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Tuesday, July 27, 2021
Meiram Bendat (JD 1998) takes inspiration from Professor Elyn Saks to forge formidable career in mental health legal advocacy
By Leslie Ridgeway
|Meiram Bendat with mentor Professor Elyn Saks|
Meiram Bendat (JD 1998) enrolled at the USC Gould School of Law with the goal of making an impact in social justice. After exploring many facets of the field, it was a suggestion from Professor Elyn Saks, made years earlier, that he says helped pave the way to a career as a boutique law firm owner with an impressive track record in mental health advocacy.
In 2019, Bendat, founder and president of Santa Barbara, Calif.-based Psych Appeal, won a landmark judgment in a federal class action lawsuit against United Behavioral Health, the largest mental health insurer in the nation, for wrongfully denying benefits to nearly 70,000 of its members. The seven-year case culminated in a series of 10-year injunctions requiring the company to make coverage determinations consistent with generally accepted standards of care; appointment of a special master to oversee the injunctions; and passage of California Senate Bill 855 in January, which Bendat helped to write, beefing up the California Parity Act and establishing California as the national leader for mental health and addiction coverage. The case was described as the “Brown v. Board of Education for the mental health movement” by former Rep. Patrick J. Kennedy, sponsor of the federal mental health parity law.
“When I started Psych Appeal, there were no private law firms exclusively devoted to mental health insurance advocacy,” he says. “Insurance represents the promise of access and care, and I am sensitive to bureaucracies that fail to deliver, like the LA County child welfare system where I previously worked or behemoth insurance companies which I now sue. In times of greatest need, health insurers tend to run toward the hills. To me, that represents a massive betrayal that the legal system must cure.”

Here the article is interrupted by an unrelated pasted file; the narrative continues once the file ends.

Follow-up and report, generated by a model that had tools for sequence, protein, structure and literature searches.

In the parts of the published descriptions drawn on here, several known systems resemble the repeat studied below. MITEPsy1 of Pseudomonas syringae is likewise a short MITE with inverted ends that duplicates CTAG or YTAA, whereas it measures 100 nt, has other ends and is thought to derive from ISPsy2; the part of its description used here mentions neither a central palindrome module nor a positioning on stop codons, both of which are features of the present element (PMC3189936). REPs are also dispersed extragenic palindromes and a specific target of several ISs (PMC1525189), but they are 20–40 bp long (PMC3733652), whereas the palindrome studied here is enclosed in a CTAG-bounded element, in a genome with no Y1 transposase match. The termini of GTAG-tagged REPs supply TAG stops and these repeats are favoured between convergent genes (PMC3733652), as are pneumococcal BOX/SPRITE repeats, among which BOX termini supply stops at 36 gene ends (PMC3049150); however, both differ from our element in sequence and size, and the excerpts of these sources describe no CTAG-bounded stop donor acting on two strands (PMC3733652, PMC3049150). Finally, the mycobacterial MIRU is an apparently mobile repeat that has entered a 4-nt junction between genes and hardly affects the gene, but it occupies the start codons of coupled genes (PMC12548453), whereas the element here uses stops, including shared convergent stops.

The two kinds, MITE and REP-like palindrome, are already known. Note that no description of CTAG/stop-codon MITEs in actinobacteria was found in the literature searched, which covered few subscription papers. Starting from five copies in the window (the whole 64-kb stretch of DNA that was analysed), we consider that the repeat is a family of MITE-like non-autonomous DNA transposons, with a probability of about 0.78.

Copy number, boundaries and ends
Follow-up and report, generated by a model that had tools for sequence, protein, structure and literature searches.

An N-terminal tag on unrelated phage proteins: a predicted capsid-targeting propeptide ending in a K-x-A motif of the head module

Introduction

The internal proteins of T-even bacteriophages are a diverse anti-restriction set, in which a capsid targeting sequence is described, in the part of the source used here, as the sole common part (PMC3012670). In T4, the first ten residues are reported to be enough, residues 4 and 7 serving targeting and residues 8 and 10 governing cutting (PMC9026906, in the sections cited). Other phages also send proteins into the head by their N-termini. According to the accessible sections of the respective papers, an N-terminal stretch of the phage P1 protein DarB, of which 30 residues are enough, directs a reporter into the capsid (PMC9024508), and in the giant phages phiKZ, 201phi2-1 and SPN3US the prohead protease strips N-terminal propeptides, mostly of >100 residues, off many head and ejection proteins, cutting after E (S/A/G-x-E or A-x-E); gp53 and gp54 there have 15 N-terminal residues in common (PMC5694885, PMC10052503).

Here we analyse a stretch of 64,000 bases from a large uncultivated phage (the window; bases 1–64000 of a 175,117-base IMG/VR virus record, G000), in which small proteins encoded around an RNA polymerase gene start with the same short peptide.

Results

Bendat was invited to testify in mid-April at a hearing of the Congressional Education and Labor Committee Subcommittee on Health, Employment, Labor, and Pensions on improving access to behavioral and mental health care. Bendat’s testimony covered mental health benefits under the Employee Retirement Security Income Act (ERISA) and coverage gaps that pose significant barriers to benefits and treatment.
“To truly guarantee meaningful access to mental health care, I urge Congress to consider legislation that: conditions “medical necessity” on adherence to generally accepted standards of clinical practice; eliminates the deferential standard of judicial review in health benefit cases; permits damages against health insurance issuers and claims administrators that discriminate against and undermine access to mental health treatment; and protects access to open courts by exempting ERISA claims from binding arbitration,” Bendat said.
From children’s advocacy to mental health legal advocacy
Born in Israel to a family of holocaust survivors, a career in social justice was a priority for Bendat. After earning a bachelor’s degree in English at Columbia University, he chose USC Gould School of Law for its small size, urban location, “and I won’t deny the weather was a factor,” he says. After taking Professor Lee Campbell’s Children’s Legal Advocacy seminar, he was gravitating toward children’s advocacy when Saks, from whom he’d taken courses in civil and criminal mental health law, brought him to an open house at the New Center for Psychoanalysis in Los Angeles.